A CROSS-SECTIONAL STUDY ON BACTEREMIA AS A RISK FACTOR FOR VARICEAL UPPER GASTROINTESTINAL TRACT BLEEDING IN CIRRHOTIC PATIENTS

Main Article Content

Murad Baig
Mashhood Sulaman
Muhammad Muizz Hassan
Ahmed Aftab
Akashnath Kivalur Ganeshanath
Muhammad Munawar
Saifullah Syed
Kamel J. K. Walwil
Jumana Abdelrahman Diab
Hosam Alazazzi

Keywords

Cirrhosis, Bacteremia, Variceal Bleeding, Risk factor

Abstract

Background and Aim: Rupture and bleeding from gastroesophageal reflux veins (GEVs) represent major complications for individuals with chronic liver disease (CLD), often leading to high mortality. The present study aimed to evaluate the bacteremia as a risk factor in cirrhotic patients suffering from variceal upper gastrointestinal tract bleeding.


 Patients and Methods: This cross-sectional study investigated 88 cirrhotic patients in the Department of Internal Medicine, Tertiary Care Hospital, Lahore from January 2022 to April 2024. Patients aged 20 to 60 years of either gender with liver cirrhosis disease were included. All the patients were grouped into three groups; Group-I (first attack), Group-II (recurrent attack), and Group-III (control or no history of variceal bleeding).  Eligible patients underwent history taking, complete physical examination, and laboratory investigations. Upper GI endoscopy, pro-calcitonin level measurement in blood, and blood culture were done.  Data analysis was done using SPSS version 26.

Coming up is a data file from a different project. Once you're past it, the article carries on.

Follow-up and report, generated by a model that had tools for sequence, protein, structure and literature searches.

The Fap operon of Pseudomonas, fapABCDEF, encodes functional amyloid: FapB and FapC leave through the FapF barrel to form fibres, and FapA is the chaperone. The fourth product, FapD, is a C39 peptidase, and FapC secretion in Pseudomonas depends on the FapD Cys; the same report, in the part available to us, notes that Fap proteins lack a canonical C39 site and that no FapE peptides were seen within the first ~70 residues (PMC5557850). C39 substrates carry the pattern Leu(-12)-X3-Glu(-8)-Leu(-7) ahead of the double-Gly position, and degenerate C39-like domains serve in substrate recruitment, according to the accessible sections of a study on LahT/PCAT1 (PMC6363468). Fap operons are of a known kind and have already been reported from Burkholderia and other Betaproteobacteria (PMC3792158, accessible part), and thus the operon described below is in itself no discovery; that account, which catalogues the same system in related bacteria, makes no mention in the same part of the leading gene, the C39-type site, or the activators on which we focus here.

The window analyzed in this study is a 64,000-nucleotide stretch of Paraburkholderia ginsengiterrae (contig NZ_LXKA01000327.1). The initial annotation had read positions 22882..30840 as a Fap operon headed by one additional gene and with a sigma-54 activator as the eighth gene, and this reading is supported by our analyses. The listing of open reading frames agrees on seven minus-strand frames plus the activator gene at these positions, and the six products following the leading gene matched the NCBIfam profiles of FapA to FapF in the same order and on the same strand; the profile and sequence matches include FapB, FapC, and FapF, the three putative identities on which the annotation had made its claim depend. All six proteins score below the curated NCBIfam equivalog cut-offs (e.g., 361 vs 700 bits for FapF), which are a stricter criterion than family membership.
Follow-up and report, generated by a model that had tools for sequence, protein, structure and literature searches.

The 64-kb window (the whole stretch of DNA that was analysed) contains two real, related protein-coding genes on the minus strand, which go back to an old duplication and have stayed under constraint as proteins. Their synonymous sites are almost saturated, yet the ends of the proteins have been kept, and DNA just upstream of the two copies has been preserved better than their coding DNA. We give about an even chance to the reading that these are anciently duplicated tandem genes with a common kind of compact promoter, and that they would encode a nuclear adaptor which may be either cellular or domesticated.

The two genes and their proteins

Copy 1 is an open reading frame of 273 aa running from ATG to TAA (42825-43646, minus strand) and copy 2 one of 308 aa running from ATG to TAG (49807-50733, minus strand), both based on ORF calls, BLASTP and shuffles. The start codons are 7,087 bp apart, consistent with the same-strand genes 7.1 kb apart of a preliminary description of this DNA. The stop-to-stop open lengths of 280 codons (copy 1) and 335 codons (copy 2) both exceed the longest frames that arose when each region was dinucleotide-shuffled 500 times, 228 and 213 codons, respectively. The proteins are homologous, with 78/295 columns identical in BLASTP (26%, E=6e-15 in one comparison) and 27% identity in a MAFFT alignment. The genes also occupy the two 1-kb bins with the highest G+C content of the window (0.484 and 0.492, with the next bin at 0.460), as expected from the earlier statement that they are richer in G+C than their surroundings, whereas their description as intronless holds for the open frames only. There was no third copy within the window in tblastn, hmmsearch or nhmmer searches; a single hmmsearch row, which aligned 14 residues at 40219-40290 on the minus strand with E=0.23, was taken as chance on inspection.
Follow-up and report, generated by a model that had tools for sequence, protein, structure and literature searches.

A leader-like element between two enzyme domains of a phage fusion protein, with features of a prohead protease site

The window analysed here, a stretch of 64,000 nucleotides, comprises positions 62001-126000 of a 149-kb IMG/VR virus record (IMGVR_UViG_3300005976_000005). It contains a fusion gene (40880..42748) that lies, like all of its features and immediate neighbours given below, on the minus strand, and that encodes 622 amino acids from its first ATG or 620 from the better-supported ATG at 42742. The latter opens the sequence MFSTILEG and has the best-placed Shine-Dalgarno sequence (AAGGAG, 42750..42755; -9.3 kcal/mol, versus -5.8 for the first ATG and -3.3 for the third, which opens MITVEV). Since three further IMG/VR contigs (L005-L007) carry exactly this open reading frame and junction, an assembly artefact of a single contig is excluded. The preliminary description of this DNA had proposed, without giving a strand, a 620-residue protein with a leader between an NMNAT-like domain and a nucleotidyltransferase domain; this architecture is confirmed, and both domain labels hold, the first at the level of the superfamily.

Results: The overall mean age was 52.8 ± 8.62 years. Out of 88 patients, there were 54 (61.4%) male and 34 (38.6%) female. Patient’s distribution in groups were as follows; Group-I 32 (36.4%), Group-II 32 (36.4%), and Group-III 24 (27.2%). The incidence of positive blood culture such as Escherichia coli, Staphylococcus auerus, and Klebsiella in Group-I, Group-II, and Group-III was 15 (46.9%), 20 (62.5%), and 6 (25%), respectively whereas the rate of positive Procalcitonin (ng/ml) was 14 (43.8%), 19 (59.4%), and 5 (20.8%) respectively. The highest percentage of positive blood cultures was observed in Group-II, followed by Group-I, and a control group and, Patients with recurrent venous hemorrhage showed statistically higher PCT values ​​compared with first-time venous hemorrhage and the control group.


 Conclusion: The present study observed that bacteremia and elevated procalcitonin levels are risk factors in patients with cirrhosis. Procalcitonin may serve as a surrogate biomarker for variceal bleeding and bacteremia.

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